For people whose faith plays an important role in their lives, traditional secular counseling may not provide all the therapy elements they need. Christian counseling incorporates elements of faith and Christianity that do not exist in traditional counseling. Christian counselors root their therapy methods in biblical teachings and faith-based practices, combining religion with traditional psychology to provide a therapy experience ideal for those seeking to improve their faith and mental health.
Christian counselors root their therapy methods in biblical teachings and faith-based practices, combining religion with traditional psychology to provide a therapy experience ideal for those seeking to improve their faith and mental health.
This guide details a Christian counselor's typical career, including jobs, work environments, and salaries. Keep reading to explore how to become a Christian counselor, how to choose the right Christian counseling degree, and what you can expect to learn in one of these programs.
What Do Christian Counselors Do?
Christian counselors work in many of the same capacities as traditional, secular counselors, just with the added layer of incorporating Christianity and biblical elements into therapy. Many people with religious beliefs find that a therapeutic approach to mental health counseling provides the full, rounded emotional healing they need that helps them grow in their faith.
To serve these individuals, Christian counselors work in many traditional and Christian-centered environments. These counselors work in traditional counseling centers, private practices, churches, temples, and hospitals. Some professionals pursue counseling positions within correctional facilities, substance abuse rehabilitation centers, and military bases.
Christian counseling requires many of the same skills as secular counseling, including empathy and the capacity for strong, attentive listening. Christian counselors often hold other titles, such as priest, chaplain, and rabbi, while also holding counseling licensure and certification. This allows them to serve as leaders in their faith communities while also offering their counseling knowledge to help community members. Regardless of the capacity or environment in which counselors work, they serve important roles in their communities, just like secular counseling professionals.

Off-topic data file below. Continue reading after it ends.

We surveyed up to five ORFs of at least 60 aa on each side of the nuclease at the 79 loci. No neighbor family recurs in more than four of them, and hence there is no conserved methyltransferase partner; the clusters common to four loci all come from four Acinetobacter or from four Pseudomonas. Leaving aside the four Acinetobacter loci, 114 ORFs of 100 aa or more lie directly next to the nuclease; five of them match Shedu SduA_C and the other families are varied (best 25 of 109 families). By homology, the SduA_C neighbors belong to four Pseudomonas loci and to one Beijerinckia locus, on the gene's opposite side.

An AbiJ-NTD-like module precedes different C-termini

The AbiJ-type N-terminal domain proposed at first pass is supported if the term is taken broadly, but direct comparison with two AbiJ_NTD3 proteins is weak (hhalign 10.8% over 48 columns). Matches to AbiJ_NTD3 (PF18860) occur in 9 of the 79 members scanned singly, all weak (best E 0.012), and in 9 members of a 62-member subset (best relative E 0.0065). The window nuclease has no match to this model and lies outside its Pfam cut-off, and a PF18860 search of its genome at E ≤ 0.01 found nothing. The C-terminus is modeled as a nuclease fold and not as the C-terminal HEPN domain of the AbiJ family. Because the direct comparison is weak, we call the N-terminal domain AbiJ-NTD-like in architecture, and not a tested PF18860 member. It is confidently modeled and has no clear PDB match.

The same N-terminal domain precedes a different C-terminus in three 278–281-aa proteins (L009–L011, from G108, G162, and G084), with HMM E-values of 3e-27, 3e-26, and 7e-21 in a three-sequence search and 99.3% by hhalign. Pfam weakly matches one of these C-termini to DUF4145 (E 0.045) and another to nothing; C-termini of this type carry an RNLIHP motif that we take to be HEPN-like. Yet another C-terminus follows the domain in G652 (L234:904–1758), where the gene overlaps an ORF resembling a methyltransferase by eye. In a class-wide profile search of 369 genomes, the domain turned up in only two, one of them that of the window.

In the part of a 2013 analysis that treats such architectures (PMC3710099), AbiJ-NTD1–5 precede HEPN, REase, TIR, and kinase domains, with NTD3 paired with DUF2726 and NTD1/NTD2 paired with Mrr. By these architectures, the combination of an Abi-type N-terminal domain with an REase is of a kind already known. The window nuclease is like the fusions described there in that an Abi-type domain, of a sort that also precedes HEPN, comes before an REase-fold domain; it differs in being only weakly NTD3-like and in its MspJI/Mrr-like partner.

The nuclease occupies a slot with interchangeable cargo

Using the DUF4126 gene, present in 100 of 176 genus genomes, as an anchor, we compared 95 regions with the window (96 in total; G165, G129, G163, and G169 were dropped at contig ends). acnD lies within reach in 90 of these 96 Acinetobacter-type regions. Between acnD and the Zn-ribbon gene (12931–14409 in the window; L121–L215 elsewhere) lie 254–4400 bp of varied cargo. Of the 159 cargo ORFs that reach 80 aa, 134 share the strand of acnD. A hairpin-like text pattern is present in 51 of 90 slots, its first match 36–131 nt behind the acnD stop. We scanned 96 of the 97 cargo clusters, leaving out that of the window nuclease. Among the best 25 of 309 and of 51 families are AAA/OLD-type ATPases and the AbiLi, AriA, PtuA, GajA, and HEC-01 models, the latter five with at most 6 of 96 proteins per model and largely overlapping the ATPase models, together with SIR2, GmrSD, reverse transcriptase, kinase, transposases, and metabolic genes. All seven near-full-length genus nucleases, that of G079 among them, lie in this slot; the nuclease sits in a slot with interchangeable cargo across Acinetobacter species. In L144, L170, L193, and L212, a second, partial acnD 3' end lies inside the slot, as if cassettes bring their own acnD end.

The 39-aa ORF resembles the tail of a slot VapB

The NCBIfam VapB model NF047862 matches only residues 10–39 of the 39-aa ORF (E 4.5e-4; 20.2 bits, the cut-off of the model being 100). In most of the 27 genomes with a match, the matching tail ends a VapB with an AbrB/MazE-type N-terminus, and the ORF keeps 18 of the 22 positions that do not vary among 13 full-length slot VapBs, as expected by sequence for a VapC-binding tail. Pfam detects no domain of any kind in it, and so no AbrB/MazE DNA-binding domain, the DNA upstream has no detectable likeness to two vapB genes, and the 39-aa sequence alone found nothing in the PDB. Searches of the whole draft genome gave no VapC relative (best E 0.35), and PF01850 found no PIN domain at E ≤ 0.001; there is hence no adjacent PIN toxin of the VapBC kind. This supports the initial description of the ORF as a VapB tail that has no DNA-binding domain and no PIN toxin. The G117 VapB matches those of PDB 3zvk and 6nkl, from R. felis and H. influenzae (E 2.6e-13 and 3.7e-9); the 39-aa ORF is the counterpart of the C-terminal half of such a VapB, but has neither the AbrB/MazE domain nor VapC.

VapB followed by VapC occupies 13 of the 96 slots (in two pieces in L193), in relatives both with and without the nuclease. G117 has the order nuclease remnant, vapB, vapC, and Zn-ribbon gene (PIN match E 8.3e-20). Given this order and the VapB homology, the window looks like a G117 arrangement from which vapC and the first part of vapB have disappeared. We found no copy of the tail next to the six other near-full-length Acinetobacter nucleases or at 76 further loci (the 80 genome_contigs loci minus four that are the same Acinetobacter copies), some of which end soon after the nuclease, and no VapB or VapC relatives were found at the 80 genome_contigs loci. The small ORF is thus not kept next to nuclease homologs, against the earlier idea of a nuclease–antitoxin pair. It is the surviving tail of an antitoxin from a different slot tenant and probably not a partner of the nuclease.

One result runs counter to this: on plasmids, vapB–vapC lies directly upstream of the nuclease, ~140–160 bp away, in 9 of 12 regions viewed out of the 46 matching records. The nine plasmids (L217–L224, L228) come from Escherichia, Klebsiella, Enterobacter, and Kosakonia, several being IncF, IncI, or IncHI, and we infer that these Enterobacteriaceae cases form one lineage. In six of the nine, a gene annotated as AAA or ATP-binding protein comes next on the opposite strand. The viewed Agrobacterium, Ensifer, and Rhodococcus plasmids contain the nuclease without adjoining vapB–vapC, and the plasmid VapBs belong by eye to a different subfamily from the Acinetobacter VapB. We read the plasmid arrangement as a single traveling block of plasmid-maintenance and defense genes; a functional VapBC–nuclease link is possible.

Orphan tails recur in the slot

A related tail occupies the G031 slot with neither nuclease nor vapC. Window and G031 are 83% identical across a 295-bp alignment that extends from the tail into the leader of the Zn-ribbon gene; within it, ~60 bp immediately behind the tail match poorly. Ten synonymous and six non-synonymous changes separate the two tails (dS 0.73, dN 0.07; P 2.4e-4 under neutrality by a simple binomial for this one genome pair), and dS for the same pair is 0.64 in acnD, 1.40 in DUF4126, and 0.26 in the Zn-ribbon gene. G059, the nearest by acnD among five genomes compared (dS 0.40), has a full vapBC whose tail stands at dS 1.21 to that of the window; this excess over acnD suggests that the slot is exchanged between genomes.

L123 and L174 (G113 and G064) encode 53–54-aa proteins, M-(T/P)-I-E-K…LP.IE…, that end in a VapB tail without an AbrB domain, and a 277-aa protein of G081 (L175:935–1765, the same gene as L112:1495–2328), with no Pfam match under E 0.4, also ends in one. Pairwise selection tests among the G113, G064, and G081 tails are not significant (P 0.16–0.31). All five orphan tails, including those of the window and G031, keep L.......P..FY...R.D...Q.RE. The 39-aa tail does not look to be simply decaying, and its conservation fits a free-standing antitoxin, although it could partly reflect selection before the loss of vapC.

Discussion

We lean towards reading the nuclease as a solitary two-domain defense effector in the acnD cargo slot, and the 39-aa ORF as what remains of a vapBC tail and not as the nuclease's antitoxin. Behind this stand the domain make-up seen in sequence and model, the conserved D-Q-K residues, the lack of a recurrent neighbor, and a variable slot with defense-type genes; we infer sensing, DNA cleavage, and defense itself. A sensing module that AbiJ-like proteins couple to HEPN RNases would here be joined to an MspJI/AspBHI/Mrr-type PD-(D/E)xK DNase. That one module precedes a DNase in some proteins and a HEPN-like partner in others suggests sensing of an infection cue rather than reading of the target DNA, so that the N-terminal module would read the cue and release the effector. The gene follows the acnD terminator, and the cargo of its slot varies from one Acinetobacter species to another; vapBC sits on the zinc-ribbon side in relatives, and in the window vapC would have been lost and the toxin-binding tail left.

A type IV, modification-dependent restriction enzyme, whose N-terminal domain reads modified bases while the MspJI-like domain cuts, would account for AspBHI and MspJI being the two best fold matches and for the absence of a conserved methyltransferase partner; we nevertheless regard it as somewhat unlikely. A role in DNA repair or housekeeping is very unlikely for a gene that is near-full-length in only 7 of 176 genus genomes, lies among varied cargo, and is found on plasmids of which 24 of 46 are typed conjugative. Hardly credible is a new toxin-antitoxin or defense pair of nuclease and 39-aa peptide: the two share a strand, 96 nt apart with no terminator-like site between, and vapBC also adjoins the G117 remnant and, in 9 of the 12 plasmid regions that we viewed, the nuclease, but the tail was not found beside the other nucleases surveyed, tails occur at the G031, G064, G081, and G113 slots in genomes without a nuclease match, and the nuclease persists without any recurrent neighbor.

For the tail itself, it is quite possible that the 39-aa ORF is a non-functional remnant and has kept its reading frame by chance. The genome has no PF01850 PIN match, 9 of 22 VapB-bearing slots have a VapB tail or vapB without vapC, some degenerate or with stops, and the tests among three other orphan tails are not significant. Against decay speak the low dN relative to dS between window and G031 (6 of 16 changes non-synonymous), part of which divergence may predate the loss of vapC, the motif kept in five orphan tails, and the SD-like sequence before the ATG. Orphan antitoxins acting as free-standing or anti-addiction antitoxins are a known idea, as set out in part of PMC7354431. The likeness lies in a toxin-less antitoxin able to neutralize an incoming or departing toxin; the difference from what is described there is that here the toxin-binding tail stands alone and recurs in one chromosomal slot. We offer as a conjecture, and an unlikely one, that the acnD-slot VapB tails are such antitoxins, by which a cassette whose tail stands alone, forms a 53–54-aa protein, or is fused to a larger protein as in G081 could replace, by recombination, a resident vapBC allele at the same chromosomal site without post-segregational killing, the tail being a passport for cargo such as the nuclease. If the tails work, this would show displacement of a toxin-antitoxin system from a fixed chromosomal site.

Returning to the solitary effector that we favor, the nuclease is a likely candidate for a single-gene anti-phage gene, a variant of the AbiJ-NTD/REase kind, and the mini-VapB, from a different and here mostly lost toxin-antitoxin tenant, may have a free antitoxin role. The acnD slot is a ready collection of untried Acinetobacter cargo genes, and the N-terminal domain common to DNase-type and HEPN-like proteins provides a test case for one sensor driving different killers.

Christian Counseling vs. Pastoral Counseling
As mentioned above, some professionals with backgrounds and certifications in Christian counseling may work in secular settings, such as private practices and counseling centers, while others may work primarily in faith-based settings as pastors or rabbis. Professionals in the latter category are considered pastoral counselors. The difference between Christian counseling and pastoral counseling lies between these two different types of careers. Christian counselors often straddle the line between secular and Christian counseling, offering services in both areas, while pastoral counselors work specifically in faith-based roles.
Both Christian and pastoral counselors possess similar credentials and licensure to practice psychotherapy. Individuals might choose to see a Christian counselor over a pastoral counselor if they don't have a strong tie to a specific church or place of worship. They may also choose a Christian counselor over a pastoral counselor if they desire a broader approach to therapy, separate from their church.
How to Become a Christian Counselor
If you want to become a Christian counselor, you'll likely follow a similar educational path as secular counselors. Requirements might differ, however, based on your specific religious denomination. For example, those who wish to practice within the Methodist denomination may find the education requirements differ from those who want to practice within the Baptist denomination. Regardless of the specific denomination you belong to and wish to practice in, you must obtain certain state certifications and licensure outside of religious-based requirements. The path outlined below serves as a general, common education path for many Christian counselors, although you may not follow this exact path in your own studies.